food service teaches you how to vent, how to accept the venting of others, how to bust your ass for nothing but pride (since money is usually slim), how to bond with others, and how to respect lifestyles your grandparents may not approve of.

    bike messengers develop an instinct – they can tell 3 blocks up when a cab is going to hit the brakes or when a ped is going to step off a curb. it’s a result of being good at what they do, and it translates to the world outside the job.

    food service pros (that is, the people who survive by service, who depend on it and do it well—not the kids who tried it for 2 weeks or did it for extra money one summer because their allowance wasn’t high enough) develop a similar instinct. waiters and waitresses usually know when the drunk guys in booth 11 are going to start a fight, or when the guy at table 3 is going to reach for a handful of ass, or when those indy rock bastards outside are gonna try to dine-and-dash because they need a thrill and their dads have good lawyers and provide too little affection for their poor tormented existentially troubled disaffected offspring. they can sense it and they act. cooks can tell, just from mild changes in the din penetrating the doors whether a concert has just let out or whether a fight is breaking out, and they are ready to prep more burgers or grab a cleaver and run to the rescue of the waitstaff, respectively.

    i learned more in years of food service than i have anywhere else. i did, as mihow pointed out, see the lower forms people can take on, and i saw the highest, the celebration of relatively simple achievments, and the admirable love-hate relationships formed in a kitchen of cussin, yelling, and insulting one another. i’ve thrown a 20 poind pan of bloody ground beef at the head of a coworker and 3 hours later, at 7am, when the shift ended, gone out to the river to drink with him and everyone else in the place.

    in my experience, when you’re ill, or low, the yuppie office-job world will often provide nice emails. the food service world will provide visits, food, medicine, money, and help. i’ve seen the latter in the office world, but only from a food-service vet.

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  18. hookers, cops, hospital workers- totally service industry. imagine the horrors of humanity that cops see. or hospital workers. and nurses too, i think.
    you know, even the uniform- hair net, company polo shirt, smock, whatever- even those teach an awful lot about humility. there’s something about working your ass off all say and not giving a damn if you still have your uniform on while you’re in the liquor store (or whatever) that makes you grow up.

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  19. michael, i would assume that the entire time you somehow saw yourself as ‘meant’ to be doing something else. if you resent your job, and if you think you’re too good for it (too lazy, stupid, snobbish, spoiled, maybe, but not too good), you’re going to have problems with the simple things that you are there for.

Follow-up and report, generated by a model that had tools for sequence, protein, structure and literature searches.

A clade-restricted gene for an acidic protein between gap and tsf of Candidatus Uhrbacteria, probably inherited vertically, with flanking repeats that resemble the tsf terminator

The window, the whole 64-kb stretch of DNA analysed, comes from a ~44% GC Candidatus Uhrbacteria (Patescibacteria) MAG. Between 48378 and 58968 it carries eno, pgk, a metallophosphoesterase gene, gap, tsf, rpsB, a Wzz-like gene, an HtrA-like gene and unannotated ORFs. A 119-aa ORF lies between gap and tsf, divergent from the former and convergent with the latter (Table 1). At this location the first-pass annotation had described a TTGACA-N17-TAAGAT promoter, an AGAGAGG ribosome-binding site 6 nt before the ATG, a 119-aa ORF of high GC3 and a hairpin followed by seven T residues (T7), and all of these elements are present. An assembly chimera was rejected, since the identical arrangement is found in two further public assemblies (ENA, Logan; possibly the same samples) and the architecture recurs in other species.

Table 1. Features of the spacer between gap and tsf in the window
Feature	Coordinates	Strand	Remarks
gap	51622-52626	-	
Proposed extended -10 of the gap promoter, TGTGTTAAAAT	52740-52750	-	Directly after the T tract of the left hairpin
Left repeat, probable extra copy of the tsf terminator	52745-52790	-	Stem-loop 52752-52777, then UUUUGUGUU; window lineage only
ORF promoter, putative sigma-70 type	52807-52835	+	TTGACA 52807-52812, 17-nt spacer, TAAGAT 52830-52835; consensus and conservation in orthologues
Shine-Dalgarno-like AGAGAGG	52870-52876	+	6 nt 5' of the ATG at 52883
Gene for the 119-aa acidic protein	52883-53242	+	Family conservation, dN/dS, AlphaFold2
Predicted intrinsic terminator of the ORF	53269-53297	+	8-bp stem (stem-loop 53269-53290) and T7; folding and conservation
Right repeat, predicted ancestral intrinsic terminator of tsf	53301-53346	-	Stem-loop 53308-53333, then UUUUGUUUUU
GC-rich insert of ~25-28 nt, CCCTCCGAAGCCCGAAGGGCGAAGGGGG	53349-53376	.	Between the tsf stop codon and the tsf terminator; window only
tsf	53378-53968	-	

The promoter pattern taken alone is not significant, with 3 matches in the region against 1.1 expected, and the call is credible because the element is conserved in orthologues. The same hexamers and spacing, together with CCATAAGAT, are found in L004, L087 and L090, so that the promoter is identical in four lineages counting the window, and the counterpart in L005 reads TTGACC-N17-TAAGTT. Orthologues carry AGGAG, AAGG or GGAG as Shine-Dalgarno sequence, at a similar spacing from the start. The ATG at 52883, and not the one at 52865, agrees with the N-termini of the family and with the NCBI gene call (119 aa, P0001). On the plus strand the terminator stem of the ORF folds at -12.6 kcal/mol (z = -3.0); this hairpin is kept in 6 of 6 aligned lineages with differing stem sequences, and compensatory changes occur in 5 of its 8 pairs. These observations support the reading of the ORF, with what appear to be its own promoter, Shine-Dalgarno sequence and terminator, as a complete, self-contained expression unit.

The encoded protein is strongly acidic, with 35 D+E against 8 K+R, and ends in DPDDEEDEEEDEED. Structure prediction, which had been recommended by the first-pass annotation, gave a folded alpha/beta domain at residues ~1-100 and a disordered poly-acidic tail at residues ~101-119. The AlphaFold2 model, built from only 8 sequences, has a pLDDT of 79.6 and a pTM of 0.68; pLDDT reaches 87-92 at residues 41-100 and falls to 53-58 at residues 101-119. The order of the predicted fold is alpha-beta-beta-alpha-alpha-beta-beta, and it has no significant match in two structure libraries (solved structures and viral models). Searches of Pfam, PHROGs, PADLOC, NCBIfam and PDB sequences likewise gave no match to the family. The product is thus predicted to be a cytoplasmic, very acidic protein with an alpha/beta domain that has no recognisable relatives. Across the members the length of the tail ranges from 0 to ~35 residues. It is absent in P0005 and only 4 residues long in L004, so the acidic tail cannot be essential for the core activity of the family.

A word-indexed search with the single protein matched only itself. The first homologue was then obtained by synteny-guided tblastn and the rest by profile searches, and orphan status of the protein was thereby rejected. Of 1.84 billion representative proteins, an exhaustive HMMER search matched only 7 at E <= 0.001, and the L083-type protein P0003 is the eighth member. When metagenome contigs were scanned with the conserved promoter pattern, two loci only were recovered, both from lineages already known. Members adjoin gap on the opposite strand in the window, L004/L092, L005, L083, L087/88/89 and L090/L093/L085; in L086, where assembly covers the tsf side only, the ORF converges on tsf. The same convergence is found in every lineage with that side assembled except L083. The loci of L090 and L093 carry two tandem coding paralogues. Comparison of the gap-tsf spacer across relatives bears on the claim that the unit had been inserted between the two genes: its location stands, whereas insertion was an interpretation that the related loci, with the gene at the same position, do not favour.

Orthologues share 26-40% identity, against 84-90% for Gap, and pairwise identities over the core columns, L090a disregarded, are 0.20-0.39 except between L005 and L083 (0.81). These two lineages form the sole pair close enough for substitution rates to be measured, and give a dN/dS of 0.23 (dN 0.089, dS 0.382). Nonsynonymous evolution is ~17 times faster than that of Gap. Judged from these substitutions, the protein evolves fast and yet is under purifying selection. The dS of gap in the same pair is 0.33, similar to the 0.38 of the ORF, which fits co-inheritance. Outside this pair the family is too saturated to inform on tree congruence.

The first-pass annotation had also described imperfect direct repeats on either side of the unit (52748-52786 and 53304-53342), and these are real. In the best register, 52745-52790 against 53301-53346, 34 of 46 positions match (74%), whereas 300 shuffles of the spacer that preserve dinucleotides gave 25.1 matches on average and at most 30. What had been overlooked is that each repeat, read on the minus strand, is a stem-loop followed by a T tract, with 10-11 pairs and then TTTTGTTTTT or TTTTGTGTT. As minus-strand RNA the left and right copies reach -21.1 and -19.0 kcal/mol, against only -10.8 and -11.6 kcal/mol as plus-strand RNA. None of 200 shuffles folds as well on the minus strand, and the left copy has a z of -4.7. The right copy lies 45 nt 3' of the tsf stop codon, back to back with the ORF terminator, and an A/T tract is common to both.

i have no interest in what i see as a weak, jaded view of people in contrast with obvious delusions of grandeur.

    we always made sure the momma’s boys left covered in filth and crying on their second or third shift.

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  20. oh, tobyjoe good point. my friends from the service industry were really there for me in good and bad- even the people that i didn’t necessarily get along with- but the people in the “professional” world (me and my i yr of “real” work) seem to only be able to offer emails, mass signed cards and occasionally flowers for those in need.

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  21. I would go back in a second. If I lost this job, you better fuckin believe I’d be in the nearest bar or restaurant, filling out applications left and right.

    I have yet to meet such a large group of great people in one place. I imagine it to be a bit like it would be in war (sorry for my analogy here. I have no way of knowing this) you have your people, you fight for them and with them no matter what. There is no real rank because if one falls down, you all might. Ego is set aside for the simple structure of the business’s success. It’s stripped to it’s bare minimum, there is no time for bullshit.

    In the “real world” I see so much bullshit get in the way of simple structure it often meets and creates its own demise. Deals are lost and money is wasted. There are so many more thoughtless, ignorant, mommy fed weasels here on Broadway, working in some office with a view then there are getting their hands dirty on the streets below.

    But even the mommy fed, weasels deserve to live.

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  22. Why do I get the distinct impression I’ve touched a nerve?

    I obviously meant “don’t deserve to live” as an exaggeration. When saying “waste of skin”, you wouldn’t go ahead and try to remove tht persons skin, and thus, I wouldn’t try to kill someone who I described as not deserving to live.

    I think I was in service long enough. I had my first job when I was 13, and continued in service of some type or another until I was out of college.

    I didn’t at any point consider myself above the other employees, above the job, meant to be elsewhere, screwed over in the grand scheme of life, or suffering from delusions of grandeur.

    I also don’t consider myself now or then “too lazy, stupid, snobbish, spoiled” and I resent the implication toby.

    Maybe the term I used offended you? Maybe I should have said they deserved to be “assed”?

    That was in no way my view of people in general as you seem to think. I would have hoped you would have more respect for my opinion than to assume I am an evil monster just flaming at the unwashed masses as I step on the little people to make my way to the top.